The Fixed-Term Parliaments Act was a radical constitutional reform. It has already changed the way parties campaign and plan. But its design was rooted in the survival of the Tory/Lib Dem coalition and its real effects are yet to be felt. It will in fact strengthen the hand of the next Prime Minister, regardless of the strength of his mandate.
The Fixed-Term Parliaments Act took the power to call elections away from the Prime Minister. The new threshold it introduced for a no confidence vote meant that even if things in the coalition got tough, nobody could force an election.
This had two immediate effects. First, it put the UK into a five year political cycle, something only seen three times in the last three decades. MPs looking at a threadbare legislative agenda have been complaining that it seems like a year too long.
Second, it has meant campaigning has been spread out over a longer period. Indeed, a long campaign is baked into the legislation. The conventional wisdom was that a confident Prime Minister could push for a short period between dissolution and the ballot, whereas an incumbent with ground to make up would spin it out as long as possible.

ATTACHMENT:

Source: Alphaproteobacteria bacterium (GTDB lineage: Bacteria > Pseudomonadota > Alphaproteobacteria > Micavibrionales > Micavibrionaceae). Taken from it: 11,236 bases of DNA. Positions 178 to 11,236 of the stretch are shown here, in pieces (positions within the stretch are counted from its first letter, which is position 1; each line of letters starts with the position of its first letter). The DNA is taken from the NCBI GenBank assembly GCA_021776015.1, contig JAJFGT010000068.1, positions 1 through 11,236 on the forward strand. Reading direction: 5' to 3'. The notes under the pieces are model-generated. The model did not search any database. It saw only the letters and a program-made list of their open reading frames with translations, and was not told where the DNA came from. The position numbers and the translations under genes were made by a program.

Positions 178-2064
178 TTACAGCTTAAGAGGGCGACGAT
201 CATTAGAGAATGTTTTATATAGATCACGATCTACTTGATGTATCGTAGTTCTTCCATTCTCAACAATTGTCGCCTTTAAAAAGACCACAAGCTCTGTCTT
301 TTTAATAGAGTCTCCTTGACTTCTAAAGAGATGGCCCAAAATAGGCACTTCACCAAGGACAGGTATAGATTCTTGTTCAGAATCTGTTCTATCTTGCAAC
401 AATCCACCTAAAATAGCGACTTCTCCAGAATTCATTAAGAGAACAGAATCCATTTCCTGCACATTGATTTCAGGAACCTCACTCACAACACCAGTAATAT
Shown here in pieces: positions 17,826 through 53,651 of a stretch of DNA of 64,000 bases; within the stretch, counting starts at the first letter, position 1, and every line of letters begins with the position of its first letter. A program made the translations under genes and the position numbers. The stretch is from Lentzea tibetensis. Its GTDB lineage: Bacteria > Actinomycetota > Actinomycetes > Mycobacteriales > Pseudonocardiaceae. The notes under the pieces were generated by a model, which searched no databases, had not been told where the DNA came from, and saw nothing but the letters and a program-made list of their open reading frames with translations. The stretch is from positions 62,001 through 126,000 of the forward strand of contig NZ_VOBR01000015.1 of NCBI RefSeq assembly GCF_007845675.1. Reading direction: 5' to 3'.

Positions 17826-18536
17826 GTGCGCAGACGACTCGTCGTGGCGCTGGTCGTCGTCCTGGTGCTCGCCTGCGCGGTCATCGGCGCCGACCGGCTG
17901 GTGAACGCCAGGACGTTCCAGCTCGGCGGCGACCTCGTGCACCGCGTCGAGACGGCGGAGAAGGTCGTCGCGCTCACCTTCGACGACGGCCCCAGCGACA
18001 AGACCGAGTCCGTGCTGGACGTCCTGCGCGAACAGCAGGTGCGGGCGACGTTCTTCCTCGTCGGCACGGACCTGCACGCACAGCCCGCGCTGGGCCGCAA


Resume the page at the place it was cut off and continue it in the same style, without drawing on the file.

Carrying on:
The Act adopts the longer period and we are in for a full five and a half weeks of official campaigning. Whether the public benefits from this is arguable. The Prime Minister is doing his best to prevent TV debates, potentially ending the one feature of the election that genuinely captures interest (although part of the reason for this is that he wants to give more salience to classic campaigning).
Politicians and the media are thus going to have to work increasingly hard to engage voters in this seemingly endless election campaign. What comes after the campaign is all over might though be more interesting.
The Act in effect gives even a minority government, or the smaller party in coalition, a veto on an early election. Short of a massive backbench rebellion, such a vote is only likely to be triggered by the ruling party calling for an election. And no opposition leader, confronted with the opportunity to go to the polls, can possibly turn down the opportunity and retain credibility.
In other words, the power to call an election still lies with the Prime Minister. Whether that Prime Minister has a majority or not, the power is in his hands to stick out the full five years or go to the country early. It’s likely many will consider the Act less of a good idea by 2020.
Measurement and evaluation